As contactless, digital and card transactions become more commonplace in Washington, D.C., a newly enforced law will ensure those who primarily use cash won’t be left out.
Beginning Oct. 1, businesses that discourage or don’t accept cash payments became liable to civil penalties. Under the newly enforced law, it’s illegal for direct-to-consumer businesses — including bars, restaurants, general retailers and food stores — to refuse cash, charge a higher price to cash-paying customers or hang signs that say cash isn’t accepted. A few exceptions exist: Retail sales happening on the internet or over the phone may require a card, as can parking garages that were card-only before December 2020.
All other businesses that require card payments must provide a device on the premises that converts cash into a prepaid card that customers can use in the establishment. The device can't impose fees or require minimum deposits greater than $5.
D.C. is not the first to adopt such rules. In 2019, Philadelphia became one of the first U.S. cities to pass a law banning businesses from eliminating cash, with similar exceptions as D.C. In 2020, New York City also moved to protect consumers’ right to use cash, following the adoption of similar laws in New Jersey and San Francisco. Massachusetts has required businesses to accept cash since 1978.
But enforcing cash payments is yet to be a universally approved measure. Atlanta’s City Council put a proposal on hold last month amid concerns that cash invites violent robberies. Plus, 18 states, including Florida, Georgia, Maine and Maryland, have struck down bills that would ban cashless establishments.
DC’s law, from introduction to enforcement
The enforcement of D.C.’s law is years in the making. In 2019, members of City Council introduced Bill 23-122, the Cashless Retailers Prohibition Act, arguing that requiring card payments perpetuates equity issues.
The bill was inspired by a business owner who approached City Council years ago with concerns about an observed uptick in card-only establishments, said former Councilmember David Grosso, one of the original introducers of the bill. This happened prior to the pandemic, when many businesses implemented contactless payment to stymie the spread of COVID-19 — an emergency need that has now ended.
Grosso said staff looked into the issue of increasing cashless businesses and found a significant number of retailers and restaurants had indeed enacted the policy. The staff flagged that this shift would likely create challenges for many of D.C.’s residents who are “underbanked” or “unbanked.”
A City Council Committee of the Whole report on the bill cited 2017 data that showed 8% of D.C. residents were unbanked, meaning they don’t have bank accounts at all, and about 21% were underbanked, meaning they have bank accounts but often rely on other financial services like money orders and loans.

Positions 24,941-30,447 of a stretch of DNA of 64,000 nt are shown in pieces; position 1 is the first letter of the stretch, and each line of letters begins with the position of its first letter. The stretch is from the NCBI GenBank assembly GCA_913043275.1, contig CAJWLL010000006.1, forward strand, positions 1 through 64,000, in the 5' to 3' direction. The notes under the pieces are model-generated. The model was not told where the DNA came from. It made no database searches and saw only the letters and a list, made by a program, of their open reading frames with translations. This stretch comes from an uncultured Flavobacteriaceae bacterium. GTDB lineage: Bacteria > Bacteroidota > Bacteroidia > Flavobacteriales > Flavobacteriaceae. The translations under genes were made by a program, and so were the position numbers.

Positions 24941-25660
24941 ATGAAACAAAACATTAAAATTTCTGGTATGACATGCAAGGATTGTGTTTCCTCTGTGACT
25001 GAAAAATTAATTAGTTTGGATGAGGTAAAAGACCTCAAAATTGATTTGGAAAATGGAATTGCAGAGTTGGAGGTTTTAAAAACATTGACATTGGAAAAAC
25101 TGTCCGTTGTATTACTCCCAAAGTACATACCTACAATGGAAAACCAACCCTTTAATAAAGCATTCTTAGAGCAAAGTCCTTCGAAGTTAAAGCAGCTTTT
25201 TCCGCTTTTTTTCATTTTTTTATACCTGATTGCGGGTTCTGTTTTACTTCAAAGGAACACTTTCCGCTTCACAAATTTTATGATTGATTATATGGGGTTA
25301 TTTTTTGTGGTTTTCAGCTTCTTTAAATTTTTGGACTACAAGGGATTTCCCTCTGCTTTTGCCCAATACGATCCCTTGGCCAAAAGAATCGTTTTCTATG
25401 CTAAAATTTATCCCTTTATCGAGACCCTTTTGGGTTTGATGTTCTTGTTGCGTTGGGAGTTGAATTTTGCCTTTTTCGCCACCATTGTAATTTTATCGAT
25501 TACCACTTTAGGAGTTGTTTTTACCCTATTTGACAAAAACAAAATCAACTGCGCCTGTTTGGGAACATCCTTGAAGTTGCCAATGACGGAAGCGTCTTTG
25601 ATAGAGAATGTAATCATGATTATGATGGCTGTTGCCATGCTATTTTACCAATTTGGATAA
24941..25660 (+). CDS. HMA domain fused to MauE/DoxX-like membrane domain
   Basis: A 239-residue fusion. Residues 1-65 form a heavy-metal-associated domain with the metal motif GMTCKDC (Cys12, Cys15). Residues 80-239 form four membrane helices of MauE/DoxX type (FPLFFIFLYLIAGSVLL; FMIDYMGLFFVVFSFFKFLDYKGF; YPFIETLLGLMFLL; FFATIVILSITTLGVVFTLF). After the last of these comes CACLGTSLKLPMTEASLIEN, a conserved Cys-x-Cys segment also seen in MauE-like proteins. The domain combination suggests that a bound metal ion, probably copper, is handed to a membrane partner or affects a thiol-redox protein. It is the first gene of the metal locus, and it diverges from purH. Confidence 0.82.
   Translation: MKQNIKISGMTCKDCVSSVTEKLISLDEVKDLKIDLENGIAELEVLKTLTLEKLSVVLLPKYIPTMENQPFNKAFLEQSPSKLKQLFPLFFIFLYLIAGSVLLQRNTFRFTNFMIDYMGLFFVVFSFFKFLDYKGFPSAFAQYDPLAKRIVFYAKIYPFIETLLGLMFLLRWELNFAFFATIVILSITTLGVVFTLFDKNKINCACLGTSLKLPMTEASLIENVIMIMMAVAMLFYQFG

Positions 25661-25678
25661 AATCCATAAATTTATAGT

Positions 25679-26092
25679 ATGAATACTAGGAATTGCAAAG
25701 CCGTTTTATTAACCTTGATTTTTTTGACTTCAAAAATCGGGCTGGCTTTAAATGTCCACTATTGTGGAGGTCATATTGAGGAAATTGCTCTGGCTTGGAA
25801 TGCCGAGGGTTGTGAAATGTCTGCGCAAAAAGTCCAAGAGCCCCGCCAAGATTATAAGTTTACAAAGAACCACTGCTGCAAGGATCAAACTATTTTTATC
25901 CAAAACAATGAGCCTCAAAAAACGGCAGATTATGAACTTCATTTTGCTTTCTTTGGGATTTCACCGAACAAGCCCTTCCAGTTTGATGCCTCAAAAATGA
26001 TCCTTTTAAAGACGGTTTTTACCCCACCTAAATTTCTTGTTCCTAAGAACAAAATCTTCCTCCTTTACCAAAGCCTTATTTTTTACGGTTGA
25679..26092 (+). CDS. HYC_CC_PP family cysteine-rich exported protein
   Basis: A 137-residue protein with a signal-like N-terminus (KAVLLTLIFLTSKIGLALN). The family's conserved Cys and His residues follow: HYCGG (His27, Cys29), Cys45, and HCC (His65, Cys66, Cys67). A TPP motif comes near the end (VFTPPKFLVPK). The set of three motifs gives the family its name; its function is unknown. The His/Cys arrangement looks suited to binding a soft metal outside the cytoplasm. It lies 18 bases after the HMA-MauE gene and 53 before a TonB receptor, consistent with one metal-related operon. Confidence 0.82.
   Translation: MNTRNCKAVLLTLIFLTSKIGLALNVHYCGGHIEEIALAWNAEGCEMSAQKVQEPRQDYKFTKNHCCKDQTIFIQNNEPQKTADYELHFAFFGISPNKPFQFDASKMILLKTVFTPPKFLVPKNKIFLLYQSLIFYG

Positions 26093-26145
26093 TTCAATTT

“They simply don't have access to a card, whether it be a bank card or credit card,” Grosso said. “That was just a lack of understanding of our community when businesses started doing that.” Though anyone can be underbanked, Grosso said D.C. residents experiencing poverty and immigrants without permanent legal status are among those most impacted by bans on using cash. A 2021 analysis by the Federal Deposit Insurance Corporation said Black and Hispanic households, those with a disability, single-mother households and less-educated households are more likely to rely on cash as well.
Safety concerns drove many D.C. businesses to go cashless, Grosso said. He said that some business owners told City Council that having large amounts of cash in a safe or depositing cash to banks made them feel vulnerable to crime. Grosso said councilmembers working on the bill also worried an “unspoken” racial component was at play — they suspected business owners feared young people of color coming into their stores and thought requiring card payments might deter them.
“We felt like it was unfair and not really a good business practice to start with, because you are going to be excluding so many people,” Grosso said.
The City Council passed the bill into law in early 2021, and funding to support it became available in the new fiscal year that began on Oct. 1.
A deeper dive into equity concerns
Some experts echoed the same concerns as D.C. about the effect of cashless businesses. They make it exceptionally hard for marginalized groups to carry on with their everyday lives, said Harry Hayman, a senior fellow for the Economy League of Greater Philadelphia’s Food Economy and Policy.
“You're … making it more difficult for the lower third of your economy to participate in the economy,” he said.
Felix Shipkevich, a New York-based payments attorney, wholeheartedly supports laws that require businesses to accept cash, citing a time just two decades ago where credit card usage was not the norm for most Americans. Aside from perpetrating inequities among consumers, cashless stores can financially penalize consumers, Shipkevich said, especially when many retailers charge convenience fees for using credit cards.
While lower-income people are disproportionately affected by cashless establishments, Shipkevich emphasized that losing a job, defaulting on a loan or experiencing a medical emergency can send anyone from any income group into a place of losing their access to credit.
“[Credit cards are] not a right, they’re a privilege, right?” he said. “And not everybody's entitled to them.”
Grosso, Hayman and Shipkevich acknowledged that the pandemic played a part in the push to contactless or card-only payments and that with technological advances, card payments will likely continue to increase. But D.C.’s new law will likely protect the thousands of regular cash users.
“A good economy incorporates everybody, not just for being fair and nice about it, but because it also makes good economic sense,” Hayman said.